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Traffic Inj Prev. 2006 Dec;7(4):400-2.

Field data: distributions and costs of road-traffic fatalities in South Africa.

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Health Economics Group, School of Medicine, Health Policy and Practice, University of East Anglia, Norwich, UK.



Road-traffic crashes and fatalities constitute major social and economic issues in South Africa. They are a major cause of morbidity and mortality comparable to HIV/AIDS, homicides, and some chronic diseases.


Road-traffic accident data for the year 2003 obtained from the Department of Transport, Pretoria, South Africa were used for this study. The valuation of the costs of road-traffic crashes and fatalities in South Africa is based on the gross output or human capital approach.


10,197 fatal road crashes and 12,353 fatalities were reported during the study period. More than 50% of the fatal road crashes and fatalities occurred in only three out of 11 provinces. The Northern Cape, which is the least populated province, had the highest fatal road crashes per 100,000 population and fatalities per 100,000 population. The number of road-traffic fatalities in the rural areas was 2.7 times that in the urban areas. The total costs of the road-traffic fatalities which was about R 8 billion (>US$ 1 billion) is about 0.6% of the country's nominal GDP for 2003. 60% of the cases and costs of road-traffic fatalities involved persons aged 20-39 years, although this age group is only 27% of the country's population. The rural areas accounted for 73% and the urban areas 27% of the total costs of fatal road-traffic crashes.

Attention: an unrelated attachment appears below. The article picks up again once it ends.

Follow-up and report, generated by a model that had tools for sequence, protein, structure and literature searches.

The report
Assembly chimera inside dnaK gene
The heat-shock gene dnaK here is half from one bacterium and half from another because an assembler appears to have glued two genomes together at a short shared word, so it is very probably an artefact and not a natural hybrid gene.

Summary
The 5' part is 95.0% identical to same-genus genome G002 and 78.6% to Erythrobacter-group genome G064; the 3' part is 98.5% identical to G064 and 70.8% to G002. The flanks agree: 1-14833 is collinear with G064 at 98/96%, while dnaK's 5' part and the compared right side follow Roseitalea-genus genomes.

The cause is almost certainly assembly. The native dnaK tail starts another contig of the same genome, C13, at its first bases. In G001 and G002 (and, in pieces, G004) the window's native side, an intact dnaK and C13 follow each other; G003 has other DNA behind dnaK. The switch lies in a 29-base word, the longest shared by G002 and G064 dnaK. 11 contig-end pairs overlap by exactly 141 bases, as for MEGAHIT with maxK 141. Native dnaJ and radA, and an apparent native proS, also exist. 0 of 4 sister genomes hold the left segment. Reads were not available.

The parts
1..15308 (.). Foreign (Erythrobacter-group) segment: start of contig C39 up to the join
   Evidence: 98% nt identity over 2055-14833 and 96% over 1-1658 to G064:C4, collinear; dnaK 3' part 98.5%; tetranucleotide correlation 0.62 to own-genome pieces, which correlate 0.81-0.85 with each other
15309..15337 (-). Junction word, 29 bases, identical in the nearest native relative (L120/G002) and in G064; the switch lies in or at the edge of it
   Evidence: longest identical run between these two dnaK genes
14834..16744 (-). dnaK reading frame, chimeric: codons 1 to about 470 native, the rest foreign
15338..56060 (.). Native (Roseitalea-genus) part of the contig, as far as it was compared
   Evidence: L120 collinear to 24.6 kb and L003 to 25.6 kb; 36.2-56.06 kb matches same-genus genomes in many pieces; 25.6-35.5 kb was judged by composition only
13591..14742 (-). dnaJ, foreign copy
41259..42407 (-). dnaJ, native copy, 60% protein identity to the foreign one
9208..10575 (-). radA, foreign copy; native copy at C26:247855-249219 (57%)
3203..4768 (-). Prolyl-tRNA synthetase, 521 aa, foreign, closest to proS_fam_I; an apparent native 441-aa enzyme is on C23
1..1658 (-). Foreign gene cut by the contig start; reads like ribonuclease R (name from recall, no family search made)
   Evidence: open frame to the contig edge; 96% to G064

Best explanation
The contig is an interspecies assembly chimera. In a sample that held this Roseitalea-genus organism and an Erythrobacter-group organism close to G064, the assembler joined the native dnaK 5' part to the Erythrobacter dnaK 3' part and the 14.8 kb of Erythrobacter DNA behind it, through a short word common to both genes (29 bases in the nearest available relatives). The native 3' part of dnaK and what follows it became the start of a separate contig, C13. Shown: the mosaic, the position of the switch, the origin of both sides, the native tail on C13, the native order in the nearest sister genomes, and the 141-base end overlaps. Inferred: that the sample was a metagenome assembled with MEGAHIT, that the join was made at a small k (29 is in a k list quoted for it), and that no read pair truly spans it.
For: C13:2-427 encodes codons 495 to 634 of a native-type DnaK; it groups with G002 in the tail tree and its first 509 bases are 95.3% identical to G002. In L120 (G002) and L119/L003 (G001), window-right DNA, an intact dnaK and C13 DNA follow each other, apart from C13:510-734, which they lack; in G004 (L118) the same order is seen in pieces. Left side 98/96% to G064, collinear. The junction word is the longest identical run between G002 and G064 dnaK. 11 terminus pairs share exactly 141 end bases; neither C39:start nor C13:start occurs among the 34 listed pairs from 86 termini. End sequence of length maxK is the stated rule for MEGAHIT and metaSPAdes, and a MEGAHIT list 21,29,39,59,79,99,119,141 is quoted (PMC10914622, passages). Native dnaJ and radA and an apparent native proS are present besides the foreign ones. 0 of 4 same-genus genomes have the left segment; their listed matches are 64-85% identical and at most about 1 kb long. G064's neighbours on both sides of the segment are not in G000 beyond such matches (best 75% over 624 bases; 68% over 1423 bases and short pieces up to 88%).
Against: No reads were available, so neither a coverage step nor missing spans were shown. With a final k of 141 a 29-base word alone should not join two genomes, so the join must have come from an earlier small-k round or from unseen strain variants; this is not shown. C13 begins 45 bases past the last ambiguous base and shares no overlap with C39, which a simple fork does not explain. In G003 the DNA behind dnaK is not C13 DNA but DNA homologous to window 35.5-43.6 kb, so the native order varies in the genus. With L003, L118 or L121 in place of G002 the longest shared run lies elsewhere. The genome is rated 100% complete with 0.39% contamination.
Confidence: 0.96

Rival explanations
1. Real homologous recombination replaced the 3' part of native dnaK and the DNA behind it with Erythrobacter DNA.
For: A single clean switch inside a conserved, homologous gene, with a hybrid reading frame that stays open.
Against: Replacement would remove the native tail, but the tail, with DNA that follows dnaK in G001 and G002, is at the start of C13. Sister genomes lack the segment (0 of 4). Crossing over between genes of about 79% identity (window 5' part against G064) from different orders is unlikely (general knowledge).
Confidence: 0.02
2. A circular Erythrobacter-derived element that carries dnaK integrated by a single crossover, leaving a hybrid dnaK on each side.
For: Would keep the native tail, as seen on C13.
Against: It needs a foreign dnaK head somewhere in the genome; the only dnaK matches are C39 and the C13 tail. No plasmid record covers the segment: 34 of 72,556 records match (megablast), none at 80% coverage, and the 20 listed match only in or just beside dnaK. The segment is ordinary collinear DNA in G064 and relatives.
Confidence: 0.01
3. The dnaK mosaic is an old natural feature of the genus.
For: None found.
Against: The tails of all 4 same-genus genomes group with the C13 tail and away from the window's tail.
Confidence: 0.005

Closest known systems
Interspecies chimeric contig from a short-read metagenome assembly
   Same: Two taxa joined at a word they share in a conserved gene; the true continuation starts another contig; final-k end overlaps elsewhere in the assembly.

Those living in the rural areas of the South African society and those aged 20-49 years constitute high-risk groups of road-traffic crashes and fatalities. They are also responsible for most of the attendant costs of fatal crashes and fatalities in the country.

[Indexed for MEDLINE]

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